di Andrea Alessandrini
Argo panoptes (all-seeing), a giant of Greek mythology, had a hundred eyes and slept with half of them closed.
In 1791 the philosopher Jeremy Bentham called Panopticon the ideal model for a prison. It had a single viewing tower in the centre of a circular prison, were all the prisoners could be observed, without the watchman being seen.
Today there are thousands of unprotected surveillance webcams. They are placed in houses, shops and in the streets. They have become tools of mass control and they have become honeypots for hackers, voyeurs, experimenters and the curious. By searching the Net with the right words, it is possible to take control of them.
This touches everyone, protected by anonymity, in the uninterrupted flow of bits that spread images all over the planet. Some sites publish "live" images and even offer the opportunity to share these on social media.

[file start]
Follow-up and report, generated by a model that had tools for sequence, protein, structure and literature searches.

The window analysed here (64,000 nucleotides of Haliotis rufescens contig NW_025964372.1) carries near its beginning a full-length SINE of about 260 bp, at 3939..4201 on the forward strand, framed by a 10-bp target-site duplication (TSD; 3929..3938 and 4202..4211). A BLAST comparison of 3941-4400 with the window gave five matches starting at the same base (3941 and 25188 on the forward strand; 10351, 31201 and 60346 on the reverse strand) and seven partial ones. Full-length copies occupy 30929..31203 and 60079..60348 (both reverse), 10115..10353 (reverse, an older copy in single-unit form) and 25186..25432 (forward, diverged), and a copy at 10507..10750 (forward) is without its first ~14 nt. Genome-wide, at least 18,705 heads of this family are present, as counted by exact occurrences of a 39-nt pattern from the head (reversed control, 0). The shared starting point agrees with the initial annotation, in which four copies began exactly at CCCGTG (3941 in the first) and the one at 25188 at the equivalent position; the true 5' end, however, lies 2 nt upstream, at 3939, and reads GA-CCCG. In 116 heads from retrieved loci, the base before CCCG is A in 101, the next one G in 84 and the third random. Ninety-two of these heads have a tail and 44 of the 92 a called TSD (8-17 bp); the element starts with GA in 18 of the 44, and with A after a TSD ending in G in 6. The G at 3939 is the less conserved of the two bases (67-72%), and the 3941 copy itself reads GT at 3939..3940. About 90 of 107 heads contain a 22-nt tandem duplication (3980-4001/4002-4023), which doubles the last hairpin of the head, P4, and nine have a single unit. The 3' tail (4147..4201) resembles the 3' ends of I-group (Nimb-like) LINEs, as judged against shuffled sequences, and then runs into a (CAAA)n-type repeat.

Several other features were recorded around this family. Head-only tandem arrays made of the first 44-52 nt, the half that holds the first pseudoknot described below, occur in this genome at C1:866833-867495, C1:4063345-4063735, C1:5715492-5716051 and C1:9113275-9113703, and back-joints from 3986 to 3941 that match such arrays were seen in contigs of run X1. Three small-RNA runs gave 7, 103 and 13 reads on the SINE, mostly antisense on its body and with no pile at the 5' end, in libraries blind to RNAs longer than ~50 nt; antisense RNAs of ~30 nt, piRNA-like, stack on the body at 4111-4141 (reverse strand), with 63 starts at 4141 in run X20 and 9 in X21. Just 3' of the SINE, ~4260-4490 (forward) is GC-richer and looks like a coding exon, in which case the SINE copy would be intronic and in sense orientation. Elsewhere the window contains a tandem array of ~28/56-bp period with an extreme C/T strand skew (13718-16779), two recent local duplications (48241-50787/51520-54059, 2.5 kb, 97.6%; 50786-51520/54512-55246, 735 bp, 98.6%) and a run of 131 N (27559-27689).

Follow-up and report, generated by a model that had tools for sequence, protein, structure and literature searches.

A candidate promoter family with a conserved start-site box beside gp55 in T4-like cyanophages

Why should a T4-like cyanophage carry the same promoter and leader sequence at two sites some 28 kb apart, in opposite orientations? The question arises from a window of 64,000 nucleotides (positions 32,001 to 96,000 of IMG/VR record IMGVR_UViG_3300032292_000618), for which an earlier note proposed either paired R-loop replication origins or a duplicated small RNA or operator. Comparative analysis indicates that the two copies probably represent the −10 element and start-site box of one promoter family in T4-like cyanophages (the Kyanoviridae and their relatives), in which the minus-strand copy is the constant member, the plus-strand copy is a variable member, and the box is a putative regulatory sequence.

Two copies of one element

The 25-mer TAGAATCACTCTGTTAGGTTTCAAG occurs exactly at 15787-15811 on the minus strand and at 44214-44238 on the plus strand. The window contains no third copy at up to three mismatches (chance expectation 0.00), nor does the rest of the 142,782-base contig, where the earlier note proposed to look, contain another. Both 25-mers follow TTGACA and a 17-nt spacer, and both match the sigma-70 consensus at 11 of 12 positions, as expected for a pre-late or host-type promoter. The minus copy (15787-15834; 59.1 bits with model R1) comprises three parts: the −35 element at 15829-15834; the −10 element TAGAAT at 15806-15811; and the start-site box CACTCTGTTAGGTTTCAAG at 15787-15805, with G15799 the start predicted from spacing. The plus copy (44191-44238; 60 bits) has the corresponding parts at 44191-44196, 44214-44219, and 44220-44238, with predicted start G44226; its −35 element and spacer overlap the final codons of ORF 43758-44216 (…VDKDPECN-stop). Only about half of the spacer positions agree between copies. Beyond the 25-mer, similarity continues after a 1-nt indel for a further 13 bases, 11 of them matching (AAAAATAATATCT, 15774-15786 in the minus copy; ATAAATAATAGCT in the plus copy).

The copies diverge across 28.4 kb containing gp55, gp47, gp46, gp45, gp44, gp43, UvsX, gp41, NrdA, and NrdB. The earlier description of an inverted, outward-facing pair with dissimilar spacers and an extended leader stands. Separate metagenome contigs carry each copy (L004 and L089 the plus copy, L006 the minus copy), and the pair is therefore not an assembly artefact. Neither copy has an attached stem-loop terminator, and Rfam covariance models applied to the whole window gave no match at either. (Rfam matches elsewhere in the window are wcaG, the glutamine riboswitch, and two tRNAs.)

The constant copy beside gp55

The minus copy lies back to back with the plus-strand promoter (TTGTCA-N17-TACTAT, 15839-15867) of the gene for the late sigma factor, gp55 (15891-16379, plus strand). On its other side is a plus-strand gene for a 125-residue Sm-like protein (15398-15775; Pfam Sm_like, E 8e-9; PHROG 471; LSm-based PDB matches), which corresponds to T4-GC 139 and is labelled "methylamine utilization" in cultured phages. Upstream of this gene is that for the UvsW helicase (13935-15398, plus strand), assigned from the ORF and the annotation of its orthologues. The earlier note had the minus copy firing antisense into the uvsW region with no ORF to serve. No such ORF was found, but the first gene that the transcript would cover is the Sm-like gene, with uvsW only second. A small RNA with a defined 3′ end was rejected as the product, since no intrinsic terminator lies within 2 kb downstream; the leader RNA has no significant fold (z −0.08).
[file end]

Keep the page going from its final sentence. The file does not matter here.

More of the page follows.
Who controls and who is controlled?
Alessandrini has spent month surfing world of webcams, entering the lives of those who installed cameras without changing usernames and passwords. It is easy to find them and to observe. Thousands of images in a confused sequence evoke unknown figures and places.
The artist has discovered solitude and fragility, feeling even more alone.
This project reflects on the uninformed use of the technology and on the unconscious loss of privacy.
Andrea Alessandrini was born and works in Rome. He is married and is the father of young twins: Giulio and Simone.
He studied documentary photography and the Roman School of Photography, at LUZ and at D.O.O.R. He participated in the master on the photographic book by Skinnerboox & Blank paper in 2017 and D.O.O.R. in 2018.
He attended workshops with, Max Pinckers, Corinne Noordenbos, Rafal Milach, Bertien Van Maanen, Federico Clavarino, Ricardo Cases, Antonio Xoubanova and David Campany, amongst others.
He works on long-term personal projects and is one of the photo-lab coordinators at the CivicoZero centre for young migrants in Rome, which is funded by Save the Children.
In 2016 he was one of the winners of Slideluck Roma with La colomba e il corvo. In the same year he was a finalist in the Streamers award for the Piccola Russia project. The book with the same name was awarded the best dummy in Fotoleggendo 2018.
He believes in the therapeutic effect of photography and is always looking for places and stories to tell. He often finds them in his own backyard.